Anyone Want To Cuddle?

When I first heard the title, “Cuddle Party,” my mind went to the place that your mind is probably going to now; a very weird, new age-y, ultra L.A. fluff, moderately obscene group of people engaging in a type of pre-orgy, foreplay ritual. Ok, maybe your mind is not as perverted as my own, yet I would wager whatever it is you might think these parties might be, you are not even close to what they indeed really are.

And, yes, they really do exist. I “touched” on them in a blog I wrote several years ago. However, when I first heard about such gatherings, I absolutely abhorred the thought of it, let alone imagined going to one.

Why? Frankly, I was never a big “toucher” in my life. I did have a father who was extremely physically affectionate (for which I am very thankful) yet a mother who was exceedingly non-tactile. As a result, I would never consider myself weird and dysfunctional when it came to touch, yet I was very uncomfortable with it -sans those closest to me.

For example, for my 25th birthday my father gave me a gift certificate for a massage –I said thank you and then promptly gave it away as I was not about to have a stranger touch me.

I came to learn that such parties are not about cuddling per se, rather they are groups where individuals can practice asking for what they want, setting boundaries for those things they do not want, while learning the joy of acceptance and the impersonal nature of rejection. Touch is simply the currency used to practice and learn such skills. Hell, they could use dollar bills, food or just about anything else to learn these same concepts. In addition, and perhaps ironically, we all have a surplus of touch at our disposal in society, yet, for a variety of reasons, many still are starving for it as it is a practice we do not engage in nearly enough.

Not me. I’m good. Or am I?

Fast forward to circa 2011. As I shuttered at the thought of such parties, I have this weird chip deep inside of me that is programmed to try things that are WAY outside my comfort zone.

So I made the trek down to a Santa Monica 3rd Street Promenade yoga studio. I sat in a circle with strangers and a cuddle guru, who spent the better part of an hour instructing us on the boundaries, rules, purpose and objectives of our soon to be cuddle experience.

Long story short: I hated it…beyond hate, it truly hurt. I was neither the recipient nor provider of touch that entire long evening.

It was the long trip back over the 405 that I knew I needed to go back and revisit the touch demons inside of me; tactile apparitions that needed either some desperate attention or a flat out exorcism.

I went to few more, another in Santa Monica, a couple in the Bay Area and one in Santa Cruz. It was after this last Santa Cruz experience, circa 2012, was when I concluded my Cuddle Party experiment was over and my demons were at long last retreated. Me and my cuddles were set to retire.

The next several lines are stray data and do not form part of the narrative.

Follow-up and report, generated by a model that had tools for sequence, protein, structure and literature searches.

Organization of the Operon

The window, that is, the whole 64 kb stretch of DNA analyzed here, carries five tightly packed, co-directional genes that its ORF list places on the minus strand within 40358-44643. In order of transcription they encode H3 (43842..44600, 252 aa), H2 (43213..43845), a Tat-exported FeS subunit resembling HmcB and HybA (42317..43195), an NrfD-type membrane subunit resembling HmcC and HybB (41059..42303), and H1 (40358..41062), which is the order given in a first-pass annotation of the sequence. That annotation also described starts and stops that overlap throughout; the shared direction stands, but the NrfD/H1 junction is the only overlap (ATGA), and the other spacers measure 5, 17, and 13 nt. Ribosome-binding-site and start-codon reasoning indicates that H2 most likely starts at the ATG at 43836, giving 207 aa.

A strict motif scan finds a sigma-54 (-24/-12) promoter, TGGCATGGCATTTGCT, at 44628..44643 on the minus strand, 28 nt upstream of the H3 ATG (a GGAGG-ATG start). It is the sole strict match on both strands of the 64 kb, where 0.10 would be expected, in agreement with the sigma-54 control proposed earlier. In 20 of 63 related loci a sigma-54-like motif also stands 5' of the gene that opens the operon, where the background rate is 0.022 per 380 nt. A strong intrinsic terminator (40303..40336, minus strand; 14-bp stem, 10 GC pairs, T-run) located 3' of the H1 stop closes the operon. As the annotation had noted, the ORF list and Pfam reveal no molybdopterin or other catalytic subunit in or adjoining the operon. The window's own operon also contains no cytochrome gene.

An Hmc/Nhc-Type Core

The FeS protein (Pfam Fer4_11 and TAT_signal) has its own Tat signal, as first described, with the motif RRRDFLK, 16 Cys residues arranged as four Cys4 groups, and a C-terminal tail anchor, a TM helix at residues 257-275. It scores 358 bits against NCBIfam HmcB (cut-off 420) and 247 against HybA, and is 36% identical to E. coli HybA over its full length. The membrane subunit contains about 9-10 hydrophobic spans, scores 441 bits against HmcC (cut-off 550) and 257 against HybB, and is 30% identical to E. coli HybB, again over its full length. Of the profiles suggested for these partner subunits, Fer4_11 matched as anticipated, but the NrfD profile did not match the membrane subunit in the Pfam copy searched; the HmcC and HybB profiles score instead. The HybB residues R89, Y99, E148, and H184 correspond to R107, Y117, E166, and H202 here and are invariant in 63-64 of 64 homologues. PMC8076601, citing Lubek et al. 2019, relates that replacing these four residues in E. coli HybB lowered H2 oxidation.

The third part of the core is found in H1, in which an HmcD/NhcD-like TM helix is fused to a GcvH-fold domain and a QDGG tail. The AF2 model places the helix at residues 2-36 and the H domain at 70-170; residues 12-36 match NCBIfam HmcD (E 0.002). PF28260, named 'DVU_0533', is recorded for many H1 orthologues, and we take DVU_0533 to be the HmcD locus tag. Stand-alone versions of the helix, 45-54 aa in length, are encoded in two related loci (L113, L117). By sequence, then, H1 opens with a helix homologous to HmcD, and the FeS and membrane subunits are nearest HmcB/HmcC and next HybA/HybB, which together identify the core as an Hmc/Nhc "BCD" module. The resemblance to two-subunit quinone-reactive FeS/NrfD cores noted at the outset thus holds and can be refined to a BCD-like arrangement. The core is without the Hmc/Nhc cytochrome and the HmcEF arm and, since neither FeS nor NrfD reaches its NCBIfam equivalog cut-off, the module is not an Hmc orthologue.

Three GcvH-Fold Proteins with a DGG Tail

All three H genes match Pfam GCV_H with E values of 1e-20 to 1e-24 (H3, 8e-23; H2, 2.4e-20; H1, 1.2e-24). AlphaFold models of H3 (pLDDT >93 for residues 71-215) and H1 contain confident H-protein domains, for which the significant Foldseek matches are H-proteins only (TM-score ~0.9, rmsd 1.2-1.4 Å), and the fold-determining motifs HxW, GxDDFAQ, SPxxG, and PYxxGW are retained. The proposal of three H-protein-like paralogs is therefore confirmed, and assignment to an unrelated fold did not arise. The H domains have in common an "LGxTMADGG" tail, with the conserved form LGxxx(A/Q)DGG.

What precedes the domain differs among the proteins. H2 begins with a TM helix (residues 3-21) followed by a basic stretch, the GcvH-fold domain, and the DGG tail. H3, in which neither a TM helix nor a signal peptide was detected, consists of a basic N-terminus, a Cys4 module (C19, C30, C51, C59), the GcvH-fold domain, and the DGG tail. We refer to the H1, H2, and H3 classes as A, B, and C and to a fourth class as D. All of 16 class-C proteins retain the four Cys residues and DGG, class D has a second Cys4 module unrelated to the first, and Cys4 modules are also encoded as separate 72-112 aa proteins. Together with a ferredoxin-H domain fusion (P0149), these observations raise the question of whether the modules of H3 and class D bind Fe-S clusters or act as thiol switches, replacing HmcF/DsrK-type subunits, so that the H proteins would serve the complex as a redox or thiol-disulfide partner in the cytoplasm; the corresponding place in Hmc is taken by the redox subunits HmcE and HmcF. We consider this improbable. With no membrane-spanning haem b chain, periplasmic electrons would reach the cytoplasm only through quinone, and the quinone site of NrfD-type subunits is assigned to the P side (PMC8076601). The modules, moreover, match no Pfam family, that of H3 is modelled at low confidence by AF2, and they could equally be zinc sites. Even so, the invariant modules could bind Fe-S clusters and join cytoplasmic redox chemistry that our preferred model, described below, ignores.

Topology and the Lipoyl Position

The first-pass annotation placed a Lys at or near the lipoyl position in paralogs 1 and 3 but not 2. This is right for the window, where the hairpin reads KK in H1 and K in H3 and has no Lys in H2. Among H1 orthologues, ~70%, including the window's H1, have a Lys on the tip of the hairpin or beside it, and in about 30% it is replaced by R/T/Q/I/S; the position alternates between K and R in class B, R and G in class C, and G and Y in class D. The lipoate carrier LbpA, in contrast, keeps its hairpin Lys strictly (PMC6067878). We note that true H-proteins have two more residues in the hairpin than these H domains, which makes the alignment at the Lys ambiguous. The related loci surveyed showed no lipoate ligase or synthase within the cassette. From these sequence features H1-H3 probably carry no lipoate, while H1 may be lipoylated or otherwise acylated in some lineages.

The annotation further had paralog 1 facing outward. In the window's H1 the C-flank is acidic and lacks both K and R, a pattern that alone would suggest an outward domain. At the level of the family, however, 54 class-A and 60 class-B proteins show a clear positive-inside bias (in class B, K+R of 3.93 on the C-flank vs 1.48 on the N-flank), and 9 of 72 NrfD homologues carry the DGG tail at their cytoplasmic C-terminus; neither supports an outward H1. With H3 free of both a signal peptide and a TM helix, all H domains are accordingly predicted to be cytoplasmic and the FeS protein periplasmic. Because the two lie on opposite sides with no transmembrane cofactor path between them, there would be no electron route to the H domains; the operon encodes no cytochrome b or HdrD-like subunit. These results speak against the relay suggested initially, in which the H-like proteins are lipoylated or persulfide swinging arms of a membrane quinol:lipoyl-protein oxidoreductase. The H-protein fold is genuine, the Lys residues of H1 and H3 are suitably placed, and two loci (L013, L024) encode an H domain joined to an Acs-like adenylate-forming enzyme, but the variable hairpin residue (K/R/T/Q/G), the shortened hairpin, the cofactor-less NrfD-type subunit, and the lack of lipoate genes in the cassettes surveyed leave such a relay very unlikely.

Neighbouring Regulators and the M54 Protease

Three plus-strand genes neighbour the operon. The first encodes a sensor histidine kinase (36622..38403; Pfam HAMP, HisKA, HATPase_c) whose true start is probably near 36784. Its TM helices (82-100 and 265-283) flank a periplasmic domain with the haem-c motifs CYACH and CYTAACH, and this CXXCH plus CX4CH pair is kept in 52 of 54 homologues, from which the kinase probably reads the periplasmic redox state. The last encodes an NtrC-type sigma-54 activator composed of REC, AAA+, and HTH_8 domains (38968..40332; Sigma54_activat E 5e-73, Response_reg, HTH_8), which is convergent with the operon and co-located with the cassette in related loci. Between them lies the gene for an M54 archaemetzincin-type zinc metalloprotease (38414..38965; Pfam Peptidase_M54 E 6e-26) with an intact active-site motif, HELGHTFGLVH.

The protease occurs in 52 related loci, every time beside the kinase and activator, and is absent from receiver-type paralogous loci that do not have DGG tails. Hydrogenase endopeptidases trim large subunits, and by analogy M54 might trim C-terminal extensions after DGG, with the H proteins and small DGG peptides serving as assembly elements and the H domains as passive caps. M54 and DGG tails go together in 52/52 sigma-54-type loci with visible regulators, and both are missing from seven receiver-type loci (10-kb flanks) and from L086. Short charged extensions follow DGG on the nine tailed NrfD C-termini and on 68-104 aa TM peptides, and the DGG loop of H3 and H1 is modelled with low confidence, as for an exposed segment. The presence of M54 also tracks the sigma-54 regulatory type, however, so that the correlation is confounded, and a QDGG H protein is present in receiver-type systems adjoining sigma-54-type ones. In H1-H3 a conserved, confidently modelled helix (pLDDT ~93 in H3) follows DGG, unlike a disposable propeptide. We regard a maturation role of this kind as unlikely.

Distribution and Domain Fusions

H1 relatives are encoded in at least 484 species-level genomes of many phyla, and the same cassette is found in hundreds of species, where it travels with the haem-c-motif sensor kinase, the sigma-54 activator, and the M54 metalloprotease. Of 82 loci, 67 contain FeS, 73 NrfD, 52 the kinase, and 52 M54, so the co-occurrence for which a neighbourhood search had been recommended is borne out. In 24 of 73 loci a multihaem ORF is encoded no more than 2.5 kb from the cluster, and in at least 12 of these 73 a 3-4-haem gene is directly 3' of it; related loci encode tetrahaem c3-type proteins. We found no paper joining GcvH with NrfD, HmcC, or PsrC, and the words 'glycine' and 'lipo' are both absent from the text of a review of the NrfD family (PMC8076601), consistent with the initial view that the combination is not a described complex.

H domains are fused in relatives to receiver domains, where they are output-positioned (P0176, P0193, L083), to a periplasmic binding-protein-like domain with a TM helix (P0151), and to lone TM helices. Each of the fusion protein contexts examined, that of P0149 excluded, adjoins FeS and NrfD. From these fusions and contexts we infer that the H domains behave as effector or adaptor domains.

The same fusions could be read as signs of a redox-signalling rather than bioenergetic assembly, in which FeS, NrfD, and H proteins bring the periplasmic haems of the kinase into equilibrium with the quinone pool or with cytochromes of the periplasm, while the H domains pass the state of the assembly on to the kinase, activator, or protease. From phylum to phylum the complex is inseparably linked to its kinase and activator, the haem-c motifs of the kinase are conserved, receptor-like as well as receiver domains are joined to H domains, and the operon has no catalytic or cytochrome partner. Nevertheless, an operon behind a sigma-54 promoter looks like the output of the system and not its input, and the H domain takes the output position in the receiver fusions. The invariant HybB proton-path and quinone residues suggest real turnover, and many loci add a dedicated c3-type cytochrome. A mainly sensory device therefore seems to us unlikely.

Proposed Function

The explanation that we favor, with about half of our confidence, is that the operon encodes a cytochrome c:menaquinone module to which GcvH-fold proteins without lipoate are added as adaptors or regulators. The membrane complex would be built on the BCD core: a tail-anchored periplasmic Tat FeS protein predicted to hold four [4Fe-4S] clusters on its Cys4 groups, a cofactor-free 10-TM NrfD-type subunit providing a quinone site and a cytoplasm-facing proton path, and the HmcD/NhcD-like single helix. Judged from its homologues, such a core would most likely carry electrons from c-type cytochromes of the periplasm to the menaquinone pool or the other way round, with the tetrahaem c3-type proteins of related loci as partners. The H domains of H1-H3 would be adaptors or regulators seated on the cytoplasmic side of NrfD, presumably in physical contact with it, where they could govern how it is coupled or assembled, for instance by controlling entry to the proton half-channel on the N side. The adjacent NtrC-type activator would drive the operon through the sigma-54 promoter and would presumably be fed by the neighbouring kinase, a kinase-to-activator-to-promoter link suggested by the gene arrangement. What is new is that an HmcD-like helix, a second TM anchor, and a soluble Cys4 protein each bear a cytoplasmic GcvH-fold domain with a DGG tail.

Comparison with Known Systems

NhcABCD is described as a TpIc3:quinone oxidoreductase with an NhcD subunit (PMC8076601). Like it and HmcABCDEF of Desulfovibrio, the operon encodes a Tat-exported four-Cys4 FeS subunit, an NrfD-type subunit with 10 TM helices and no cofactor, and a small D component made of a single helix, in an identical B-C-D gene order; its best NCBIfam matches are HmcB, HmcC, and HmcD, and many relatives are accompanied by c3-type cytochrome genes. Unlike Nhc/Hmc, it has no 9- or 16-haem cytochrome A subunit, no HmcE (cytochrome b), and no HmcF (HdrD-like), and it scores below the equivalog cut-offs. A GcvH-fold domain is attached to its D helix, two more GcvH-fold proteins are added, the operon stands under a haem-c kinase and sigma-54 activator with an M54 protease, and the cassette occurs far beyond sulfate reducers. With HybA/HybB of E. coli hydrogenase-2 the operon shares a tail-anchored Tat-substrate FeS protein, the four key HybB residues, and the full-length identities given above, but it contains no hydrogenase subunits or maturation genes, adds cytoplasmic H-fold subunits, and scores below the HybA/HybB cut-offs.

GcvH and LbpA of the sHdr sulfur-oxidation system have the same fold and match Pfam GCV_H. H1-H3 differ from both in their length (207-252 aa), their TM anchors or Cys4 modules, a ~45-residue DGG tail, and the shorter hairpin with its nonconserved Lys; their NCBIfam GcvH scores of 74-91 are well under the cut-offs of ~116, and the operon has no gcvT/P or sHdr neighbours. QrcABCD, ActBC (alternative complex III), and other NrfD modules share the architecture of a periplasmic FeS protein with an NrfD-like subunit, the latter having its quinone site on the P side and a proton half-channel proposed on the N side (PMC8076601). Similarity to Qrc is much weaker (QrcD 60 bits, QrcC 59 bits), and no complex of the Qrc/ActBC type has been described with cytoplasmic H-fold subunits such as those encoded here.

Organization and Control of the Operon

Make no mistake, I still did not like Cuddle Parties, yet I least mustered the competency to not vomit at the thought of going to one.

Fast forward to 2017.

I have the wonderful opportunity to have good chunks of time off in both the winter and summer, while giving me ample time to experience life outside of my teaching. It was during this season when I once again stumbled into the cuddle world.

For a variety of reasons, I found myself at an outdoor Cuddle “Sanctuary” this past Sunday afternoon on the beach in Santa Monica. I really do not know the history, though somewhere in this 5-year period, “parties” morphed into “sanctuaries” and I must say that I am down with the reverent feel of the latter moniker. After all, in spite of the fact I am not terribly comfortable with it, at some level I do believe touch is sacred as we depend on it for survival. I did commit to going on Friday morning, then promptly spent the next 40 hours or so trying to think of excuses why I should back out.

I couldn’t. It was that damn uncomfortable chip gnawing away at my soul again.

The sanctuary was really no different than the party. We spent the first hour doing exercises and going over the ground rules. One of the things I love about the experience is that no touch is required at all. People attend these events to practice setting boundaries in their lives, learning how to say no. I have really never had a problem setting boundaries in life, yet I have had issues asking for what I want and being cool with the consequent response.

I was in the right place.

So with my slight nervous shake and rapid heartbeat, I engaged once again, now a few years older and, ideally, a wee bit wiser.

I hugged numerous people. Held hands with someone as we talked about our families, used one’s thigh as a pillow, even had a thumb war or two with some folk. Every act of touch needs to be mutually agreed upon and any touch whatsoever requires permission. It is expressly non-sexual, while even the issue of, “What if something suddenly pops up?” is addressed and the best ways to appropriately deal with any “rising” concerns.